The world around us is getting more connected everyday. New technologies enable products and services to interact with each other, and with humans. The Internet of Things is an example of this (Vongsingthong & Smanchat, 2014). IoT comprises all Things (objects) that can communicate with each other by making use of the internet, creating a network of devices. The relationships within these networks consists of thing-thing, human-human, and thing-human (Atzori et al., 2010), resulting in a new challenge: how to design for these relationships?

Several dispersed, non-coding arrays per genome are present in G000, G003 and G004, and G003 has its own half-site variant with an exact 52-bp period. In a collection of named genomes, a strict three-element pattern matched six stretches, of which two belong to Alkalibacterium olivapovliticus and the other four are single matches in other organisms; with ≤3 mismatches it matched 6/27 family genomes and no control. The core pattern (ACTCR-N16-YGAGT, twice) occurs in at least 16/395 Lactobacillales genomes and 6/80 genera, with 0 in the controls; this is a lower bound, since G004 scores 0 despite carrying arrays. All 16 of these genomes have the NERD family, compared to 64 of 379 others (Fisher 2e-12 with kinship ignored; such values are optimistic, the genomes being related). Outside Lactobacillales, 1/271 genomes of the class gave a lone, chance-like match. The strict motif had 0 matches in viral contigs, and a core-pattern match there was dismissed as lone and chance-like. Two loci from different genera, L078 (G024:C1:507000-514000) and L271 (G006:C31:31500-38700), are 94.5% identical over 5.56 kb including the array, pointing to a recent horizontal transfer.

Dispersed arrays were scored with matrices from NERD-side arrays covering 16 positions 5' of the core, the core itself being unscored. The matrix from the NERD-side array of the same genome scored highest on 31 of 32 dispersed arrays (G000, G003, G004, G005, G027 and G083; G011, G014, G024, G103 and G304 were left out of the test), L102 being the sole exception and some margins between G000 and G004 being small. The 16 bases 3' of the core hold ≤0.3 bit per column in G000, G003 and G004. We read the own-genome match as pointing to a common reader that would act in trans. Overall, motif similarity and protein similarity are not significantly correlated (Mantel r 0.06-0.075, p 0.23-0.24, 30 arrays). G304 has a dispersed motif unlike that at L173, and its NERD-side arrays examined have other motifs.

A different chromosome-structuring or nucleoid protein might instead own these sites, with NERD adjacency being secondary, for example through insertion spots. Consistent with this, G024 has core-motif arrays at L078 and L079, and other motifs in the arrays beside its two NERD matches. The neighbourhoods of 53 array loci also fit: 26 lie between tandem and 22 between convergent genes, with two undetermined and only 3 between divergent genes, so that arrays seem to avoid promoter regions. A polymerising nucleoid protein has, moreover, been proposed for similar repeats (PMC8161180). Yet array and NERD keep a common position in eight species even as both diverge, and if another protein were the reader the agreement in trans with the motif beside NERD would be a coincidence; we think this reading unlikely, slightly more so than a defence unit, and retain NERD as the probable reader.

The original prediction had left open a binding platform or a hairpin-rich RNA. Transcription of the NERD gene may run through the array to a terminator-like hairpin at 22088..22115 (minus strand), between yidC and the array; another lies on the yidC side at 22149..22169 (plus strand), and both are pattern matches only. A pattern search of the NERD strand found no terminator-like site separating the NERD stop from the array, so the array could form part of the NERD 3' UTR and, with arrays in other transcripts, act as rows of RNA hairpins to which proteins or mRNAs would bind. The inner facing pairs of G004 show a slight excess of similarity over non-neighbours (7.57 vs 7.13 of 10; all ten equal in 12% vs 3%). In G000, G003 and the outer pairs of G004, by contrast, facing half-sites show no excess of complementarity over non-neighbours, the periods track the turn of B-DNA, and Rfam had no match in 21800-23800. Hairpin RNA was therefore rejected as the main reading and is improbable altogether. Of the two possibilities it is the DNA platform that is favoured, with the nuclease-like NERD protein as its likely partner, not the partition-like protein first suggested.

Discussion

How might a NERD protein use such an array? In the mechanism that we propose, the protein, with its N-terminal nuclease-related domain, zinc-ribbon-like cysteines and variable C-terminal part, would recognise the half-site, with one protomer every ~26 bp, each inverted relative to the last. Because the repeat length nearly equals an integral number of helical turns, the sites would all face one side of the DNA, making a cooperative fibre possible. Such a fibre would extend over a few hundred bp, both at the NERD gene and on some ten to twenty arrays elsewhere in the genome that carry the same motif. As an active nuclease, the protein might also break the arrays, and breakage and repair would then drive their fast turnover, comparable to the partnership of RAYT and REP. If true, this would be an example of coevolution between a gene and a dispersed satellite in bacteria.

To design for this relationship, the HCI community looks at the interaction we, humans, have with the growing, connected systems. Although it is not fully utilized within the HCI community, researchers found new possibilities to interact with the systems; tangible interaction (Ishii and Ullmer, 1997), embodied interaction (Dourish, 2004) and rich interaction (Frens, 2006). In order to enable the new generation of designers to include these new loci of interaction, Joep Frens lectures a course called: A Designerly Perspective on IoT: a growing systems approach as part of the Master Industrial Design of the University of Technology Eindhoven of which this report is the concluding assignment.
Students: T. Marinissen, D. Oomes, T. Gecevicius and M. de Meij